The Mahabharata of Krishna-Dwaipayana Vyasa, Volume 2 eBook

This eBook from the Gutenberg Project consists of approximately 2,393 pages of information about The Mahabharata of Krishna-Dwaipayana Vyasa, Volume 2.
who with his son, sat indifferently, without answering, when Krishna in such distress, dragged into the assembly and sought to be made a slave, asked him to say the truth, that preceptor, who, white all the other warriors were fatigued, cased Duryodhana in invulnerable armour when the latter desired to slay Phalguna and who, having cased him so, appointed him to protect Jayadratha, who, being acquainted with the Brahma weapon, scrupled not to exterminate the Panchalas, headed by Satyajit, that had exerted themselves for my victory, that preceptor, who, whilst we were being unrighteously exiled from our kingdom, freely told us to go into the woods although he had been solicited by our friends to withhold his permission[267].  Alas, that great friend of our hath been slain!  For his sake, I will, with my friends, lay down my life.  After Kunti’s son, Yudhishthira had said this, he of Dasarha’s race, (viz., Kesava) quickly forbidding the troops, by motion of his arms, to fly away said these words, Speedily lay down your weapons, all of you, and alight from your vehicles.  Even this is the means ordained by the illustrious one, (viz., Narayana himself) for baffling this weapon.  Come down on the earth, all of you from your elephants and steeds and cars.  If you stand weaponless on the earth, this weapon will not slay you.  In those places where you will fight for quelling the force of this weapon the Kauravas will become more powerful than you.  Those men, however, that will throw down their weapons and alight from their vehicles, will not in this battle, be slain by this weapon.  They, however, that will, even in imagination, contend against this weapon, will all be slain even if they seek refuge deep beneath the earth’.  The warriors of the Pandava army, hearing, O Bharata, these words of Vasudeva, threw their weapons and drove away from their hearts all desire of battle.  Then Bhimasena, the son of Pandu, beholding the warriors about to abandon their weapons, said these words, O king, gladdening them all:  ’None should lay down his weapons here.  I shall, with my shafts, oppose this weapon of Drona’s son.  With this heavy mace of mine, that is decked with gold, I shall career in this battle like the Destroyer himself, quelling this weapon of Drona’s son.  There is no man here that is equal to me in prowess, even as there is no luminary in the firmament that is equal to the sun.  Beholding these two strong arms of mine like unto the trunks of a couple of mighty elephants, capable of pulling down the mountain of Himavat.  I am the one person here that possesses the might of the thousand elephants.  I am without a peer, even as Sakra is known to be in heaven among the celestials.  Let people witness today the prowess of these two arms of my broad-chested self, while engaged in baffling the bright and blazing weapon of Drona’s son.  If there be none (else) capable of contending against the Narayana weapon, even I shall contend against it today in the very sight of all the Kurus and the Pandavas.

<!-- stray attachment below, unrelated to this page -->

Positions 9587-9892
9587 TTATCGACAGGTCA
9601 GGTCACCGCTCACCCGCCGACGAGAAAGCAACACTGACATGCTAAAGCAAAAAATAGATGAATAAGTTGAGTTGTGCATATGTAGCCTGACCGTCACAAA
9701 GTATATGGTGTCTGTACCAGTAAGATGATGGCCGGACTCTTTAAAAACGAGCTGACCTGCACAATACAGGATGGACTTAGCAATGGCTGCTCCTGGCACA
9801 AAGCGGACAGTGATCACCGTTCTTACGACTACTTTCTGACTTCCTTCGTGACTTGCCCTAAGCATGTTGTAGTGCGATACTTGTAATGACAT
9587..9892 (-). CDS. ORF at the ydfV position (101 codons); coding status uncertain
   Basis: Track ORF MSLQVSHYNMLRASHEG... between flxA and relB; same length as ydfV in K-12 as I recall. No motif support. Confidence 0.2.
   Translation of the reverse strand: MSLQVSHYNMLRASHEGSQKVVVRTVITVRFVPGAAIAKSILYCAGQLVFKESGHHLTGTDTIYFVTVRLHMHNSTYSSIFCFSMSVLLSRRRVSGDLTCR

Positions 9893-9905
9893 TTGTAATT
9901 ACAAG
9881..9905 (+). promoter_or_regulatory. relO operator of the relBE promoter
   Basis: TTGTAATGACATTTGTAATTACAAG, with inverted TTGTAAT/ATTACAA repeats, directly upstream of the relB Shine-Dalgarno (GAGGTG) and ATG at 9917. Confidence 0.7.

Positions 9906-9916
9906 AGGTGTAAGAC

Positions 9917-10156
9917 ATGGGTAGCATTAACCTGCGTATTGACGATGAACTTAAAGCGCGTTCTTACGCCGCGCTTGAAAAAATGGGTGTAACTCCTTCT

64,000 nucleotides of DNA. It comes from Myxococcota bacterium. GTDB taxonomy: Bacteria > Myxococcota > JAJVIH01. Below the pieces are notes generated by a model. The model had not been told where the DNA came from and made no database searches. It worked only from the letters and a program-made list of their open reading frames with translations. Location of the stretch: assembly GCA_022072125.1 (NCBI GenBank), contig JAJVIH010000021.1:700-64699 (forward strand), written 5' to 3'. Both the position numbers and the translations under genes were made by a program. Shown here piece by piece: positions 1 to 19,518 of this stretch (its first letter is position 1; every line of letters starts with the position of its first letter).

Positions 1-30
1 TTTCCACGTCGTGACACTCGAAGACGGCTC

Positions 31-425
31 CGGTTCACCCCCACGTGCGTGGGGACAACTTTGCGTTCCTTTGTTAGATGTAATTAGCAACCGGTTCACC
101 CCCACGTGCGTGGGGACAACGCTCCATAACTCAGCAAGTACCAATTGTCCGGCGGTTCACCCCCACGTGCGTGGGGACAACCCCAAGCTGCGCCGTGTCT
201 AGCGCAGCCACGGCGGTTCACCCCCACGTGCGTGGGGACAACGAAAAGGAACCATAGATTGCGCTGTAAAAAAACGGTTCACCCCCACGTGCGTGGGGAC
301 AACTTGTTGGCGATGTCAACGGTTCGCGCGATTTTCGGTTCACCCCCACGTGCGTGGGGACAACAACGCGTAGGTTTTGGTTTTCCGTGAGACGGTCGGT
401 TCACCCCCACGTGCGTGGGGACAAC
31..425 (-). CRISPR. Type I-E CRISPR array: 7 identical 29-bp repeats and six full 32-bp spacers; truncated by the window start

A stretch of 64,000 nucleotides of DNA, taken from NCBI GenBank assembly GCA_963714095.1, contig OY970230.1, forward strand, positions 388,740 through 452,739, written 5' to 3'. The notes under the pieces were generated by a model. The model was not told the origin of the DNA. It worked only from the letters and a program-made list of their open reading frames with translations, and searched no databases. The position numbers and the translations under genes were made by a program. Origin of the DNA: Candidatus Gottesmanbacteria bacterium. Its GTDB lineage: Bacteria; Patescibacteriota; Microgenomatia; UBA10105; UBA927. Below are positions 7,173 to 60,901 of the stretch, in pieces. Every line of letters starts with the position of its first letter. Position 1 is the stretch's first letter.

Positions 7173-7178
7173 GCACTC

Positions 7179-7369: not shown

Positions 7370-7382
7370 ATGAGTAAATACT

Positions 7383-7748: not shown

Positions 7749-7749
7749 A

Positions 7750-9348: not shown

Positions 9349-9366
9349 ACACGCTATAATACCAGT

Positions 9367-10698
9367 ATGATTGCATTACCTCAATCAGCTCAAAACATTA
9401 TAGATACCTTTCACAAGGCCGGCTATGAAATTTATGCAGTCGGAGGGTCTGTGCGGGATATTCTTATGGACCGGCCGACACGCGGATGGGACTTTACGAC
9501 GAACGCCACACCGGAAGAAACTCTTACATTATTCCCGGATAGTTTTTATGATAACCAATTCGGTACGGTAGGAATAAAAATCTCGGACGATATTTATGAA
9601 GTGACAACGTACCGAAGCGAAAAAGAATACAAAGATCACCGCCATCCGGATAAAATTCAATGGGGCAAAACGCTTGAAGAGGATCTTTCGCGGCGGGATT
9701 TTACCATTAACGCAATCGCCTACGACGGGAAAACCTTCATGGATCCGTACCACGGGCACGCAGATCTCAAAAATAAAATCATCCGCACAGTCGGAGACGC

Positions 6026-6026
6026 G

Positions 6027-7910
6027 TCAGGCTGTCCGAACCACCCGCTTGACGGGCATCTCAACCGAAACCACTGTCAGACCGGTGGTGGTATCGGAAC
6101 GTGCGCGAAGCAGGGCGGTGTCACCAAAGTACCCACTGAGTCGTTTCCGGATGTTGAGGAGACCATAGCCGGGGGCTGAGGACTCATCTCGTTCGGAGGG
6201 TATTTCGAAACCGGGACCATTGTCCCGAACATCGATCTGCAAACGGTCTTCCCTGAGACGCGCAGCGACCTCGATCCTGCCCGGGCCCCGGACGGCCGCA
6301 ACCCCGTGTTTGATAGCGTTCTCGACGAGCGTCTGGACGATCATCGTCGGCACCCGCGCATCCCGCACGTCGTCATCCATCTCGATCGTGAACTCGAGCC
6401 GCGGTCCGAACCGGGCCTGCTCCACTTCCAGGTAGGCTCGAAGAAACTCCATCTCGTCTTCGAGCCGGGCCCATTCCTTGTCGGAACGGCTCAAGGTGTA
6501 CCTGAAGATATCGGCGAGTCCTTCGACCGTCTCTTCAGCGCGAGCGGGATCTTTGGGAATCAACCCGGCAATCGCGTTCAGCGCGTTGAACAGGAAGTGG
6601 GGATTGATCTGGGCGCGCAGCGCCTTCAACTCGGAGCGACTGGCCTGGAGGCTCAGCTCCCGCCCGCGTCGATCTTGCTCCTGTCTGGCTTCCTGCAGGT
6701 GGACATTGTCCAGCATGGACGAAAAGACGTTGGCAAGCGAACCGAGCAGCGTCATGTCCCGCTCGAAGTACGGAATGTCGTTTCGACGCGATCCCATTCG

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The Mahabharata of Krishna-Dwaipayana Vyasa, Volume 2 from Project Gutenberg. Public domain.
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